glean

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See also: gleam

English[edit]

Etymology 1[edit]

From Middle English glenen, from Anglo-Norman glener, from Late Latin glen(n)ō (make a collection), from Gaulish.

Pronunciation[edit]

Verb[edit]

glean (third-person singular simple present gleans, present participle gleaning, simple past and past participle gleaned)

Before the apparition of modern agriculture, women often had to glean.
  1. To collect (grain, grapes, etc.) left behind after the main harvest or gathering.
  2. To gather what is left in (a field or vineyard).
    to glean a field
  3. To gather information in small amounts, with implied difficulty, bit by bit.
    • John Locke
      content to glean what we can from [] experiments
    • 8 December 2011, BBC News, Iran shows film of captured US drone, available in http://www.bbc.co.uk/news/world-middle-east-16098562 :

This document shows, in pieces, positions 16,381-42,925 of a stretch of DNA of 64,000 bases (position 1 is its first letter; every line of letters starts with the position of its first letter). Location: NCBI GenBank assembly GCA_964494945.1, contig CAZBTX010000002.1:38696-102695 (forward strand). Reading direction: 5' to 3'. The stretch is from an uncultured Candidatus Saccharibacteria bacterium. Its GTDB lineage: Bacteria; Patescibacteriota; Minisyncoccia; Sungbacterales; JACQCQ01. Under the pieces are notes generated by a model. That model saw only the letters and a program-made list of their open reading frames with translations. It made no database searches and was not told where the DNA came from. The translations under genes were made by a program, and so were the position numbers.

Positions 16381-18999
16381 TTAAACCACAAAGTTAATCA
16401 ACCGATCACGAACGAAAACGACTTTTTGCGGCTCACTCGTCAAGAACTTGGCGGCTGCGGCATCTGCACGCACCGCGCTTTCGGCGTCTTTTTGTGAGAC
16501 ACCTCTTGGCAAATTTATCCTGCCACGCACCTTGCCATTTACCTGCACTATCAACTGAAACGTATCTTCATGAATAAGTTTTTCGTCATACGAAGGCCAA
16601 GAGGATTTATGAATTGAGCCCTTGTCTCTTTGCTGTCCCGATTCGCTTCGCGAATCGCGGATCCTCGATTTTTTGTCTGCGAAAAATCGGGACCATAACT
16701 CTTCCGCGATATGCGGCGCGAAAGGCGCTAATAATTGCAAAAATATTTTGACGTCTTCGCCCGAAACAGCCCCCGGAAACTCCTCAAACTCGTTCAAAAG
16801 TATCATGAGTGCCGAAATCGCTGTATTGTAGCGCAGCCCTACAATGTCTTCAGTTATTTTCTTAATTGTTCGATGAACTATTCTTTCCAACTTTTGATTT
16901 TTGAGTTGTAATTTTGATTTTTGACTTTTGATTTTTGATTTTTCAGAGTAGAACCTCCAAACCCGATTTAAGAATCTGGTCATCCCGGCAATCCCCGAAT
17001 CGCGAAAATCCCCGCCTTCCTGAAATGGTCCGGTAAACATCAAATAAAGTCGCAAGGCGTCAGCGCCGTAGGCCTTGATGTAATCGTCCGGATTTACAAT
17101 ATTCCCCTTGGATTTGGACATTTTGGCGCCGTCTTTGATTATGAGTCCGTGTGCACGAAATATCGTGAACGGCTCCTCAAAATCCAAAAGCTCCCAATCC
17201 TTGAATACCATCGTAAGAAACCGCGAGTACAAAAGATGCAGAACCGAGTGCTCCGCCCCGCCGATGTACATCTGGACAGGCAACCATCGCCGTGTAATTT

He said Iran was "well aware of what priceless technological information" could be gleaned from the aircraft.
  4. To frugally accumulate resources from low-yield contexts.
    He gleaned a living from newspaper work for a few months, but in the summer went to a fishing village […] where […] he wrote his great historical drama, "Master Olof." (Translators Edith and Warner Oland on author August Strindberg.)
Synonyms[edit]
  • (gather information): learn
Translations[edit]
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Noun[edit]

glean (plural gleans)

  1. A collection made by gleaning.
    • Dryden
      The gleans of yellow thyme distend his thighs.

Etymology 2[edit]

Noun[edit]

glean

  1. (obsolete) cleaning; afterbirth
    (Can we find and add a quotation of Holland to this entry?)

Part or all of this entry has been imported from the 1913 edition of Webster’s Dictionary, which is now free of copyright and hence in the public domain. The imported definitions may be significantly out of date, and any more recent senses may be completely missing.

Anagrams[edit]